I Elmore, La Moille County, Vermont, Au-
gust 31, 1843. His parents, George W. Bailey and
Rebecca Warren, were natives of Berlin, Vermont.
The Bailey family is remotely of Scotch lineage.
George W. Bailey was one of a family of thirteen
children, and was bereft of his father in childhood.
He participated in the War of 1812, entering the
service of the United States at the age of sixteen
years. But little is known of his service, except
that he was in the battle of Fort Erie. He be-
came a prominent farmer and practical business
man, officiating as President of the Vermont
Mutual Life Insurance Company, and for many
years filled the office of Judge of Probate in
Washington County, a circumstance which indi-
cates the regard and confidence reposed in him
by his fellow- citizens. His death occurred at
Montpelier in 1868, at the age of seventy years.
Mrs. Rebecca Bailey was a daughter of Abel War-
ren. She died upon the homestead farm at El-
more in 1885, having reached the mature age of
eighty-three years.

Edward W. Bailey is the youngest of ten chil-
dren. His education was obtained in the public
schools, and in Washington County Grammar
School at Montpelier. From the age of seventeen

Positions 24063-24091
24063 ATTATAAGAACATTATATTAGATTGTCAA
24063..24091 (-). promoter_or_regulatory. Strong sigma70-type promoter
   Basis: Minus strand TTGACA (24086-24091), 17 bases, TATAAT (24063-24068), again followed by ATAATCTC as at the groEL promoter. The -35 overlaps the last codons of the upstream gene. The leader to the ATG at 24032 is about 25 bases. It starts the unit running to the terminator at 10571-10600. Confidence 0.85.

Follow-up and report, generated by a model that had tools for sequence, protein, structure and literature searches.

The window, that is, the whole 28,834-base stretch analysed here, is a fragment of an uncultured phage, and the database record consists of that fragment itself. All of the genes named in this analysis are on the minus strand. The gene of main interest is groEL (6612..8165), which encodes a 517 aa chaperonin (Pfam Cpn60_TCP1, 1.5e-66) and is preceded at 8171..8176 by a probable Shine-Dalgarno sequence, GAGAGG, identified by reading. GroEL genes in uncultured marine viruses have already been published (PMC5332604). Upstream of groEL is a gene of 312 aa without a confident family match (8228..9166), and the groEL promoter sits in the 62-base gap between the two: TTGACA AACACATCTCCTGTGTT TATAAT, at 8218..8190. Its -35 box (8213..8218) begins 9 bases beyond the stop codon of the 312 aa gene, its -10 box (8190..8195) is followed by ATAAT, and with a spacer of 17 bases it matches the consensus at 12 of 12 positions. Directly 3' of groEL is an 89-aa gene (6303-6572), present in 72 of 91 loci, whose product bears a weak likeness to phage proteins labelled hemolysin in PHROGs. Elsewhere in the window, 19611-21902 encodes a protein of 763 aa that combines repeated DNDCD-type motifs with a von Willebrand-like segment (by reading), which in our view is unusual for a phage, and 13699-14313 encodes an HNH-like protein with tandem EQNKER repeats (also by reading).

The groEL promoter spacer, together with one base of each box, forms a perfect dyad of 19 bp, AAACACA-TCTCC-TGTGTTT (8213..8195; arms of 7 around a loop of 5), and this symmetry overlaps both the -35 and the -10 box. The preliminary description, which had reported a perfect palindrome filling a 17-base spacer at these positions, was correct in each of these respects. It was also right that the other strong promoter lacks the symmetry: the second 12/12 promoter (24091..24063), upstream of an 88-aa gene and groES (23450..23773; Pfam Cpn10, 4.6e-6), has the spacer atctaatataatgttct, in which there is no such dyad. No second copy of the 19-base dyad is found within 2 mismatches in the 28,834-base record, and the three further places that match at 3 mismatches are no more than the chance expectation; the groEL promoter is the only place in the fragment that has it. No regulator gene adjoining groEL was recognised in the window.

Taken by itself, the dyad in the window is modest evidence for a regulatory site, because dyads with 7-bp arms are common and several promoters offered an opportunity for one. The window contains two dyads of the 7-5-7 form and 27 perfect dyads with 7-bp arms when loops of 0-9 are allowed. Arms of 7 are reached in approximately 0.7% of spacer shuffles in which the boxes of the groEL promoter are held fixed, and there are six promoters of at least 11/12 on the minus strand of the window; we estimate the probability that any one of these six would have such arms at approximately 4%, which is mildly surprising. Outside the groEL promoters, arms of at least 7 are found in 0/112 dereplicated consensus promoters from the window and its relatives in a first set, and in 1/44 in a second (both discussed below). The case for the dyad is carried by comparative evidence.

years, he assisted his father in the management
of the homestead farm, thereby developing a
strong muscular frame and acquiring strength
and endurance for the subsequent battle of life.

He also inherited the upright character and con-
scientious principles for which his progenitors
had been conspicuous, and when, in 1869, he en-
tered upon his commercial career, he was fully
competent to meet and master the exigencies and
vicissitudes which ever beset the business man.
At that date he purchased a grocery store at
Montpelier, and the following year he and his
partner increased their business by the addition
of a gristmill. When the firm dissolved, a few
years later, Mr. Bailey retained the mill and
still continues to own and operate the same.

In 1879 he located in Chicago, and, in partner-
ship with V. W. Bullock, began dealing in grain
on commission, an occupation which still em-
ploys his time and attention. After the first two
or three years, Mr. Bailey became sole proprie-
tor of the business, and now occupies commo-
dious quarters in the Board of Trade Building.
In most instances, he has been successful, and he
has ever maintained a reputation for honorable
dealing and integrity of character, which has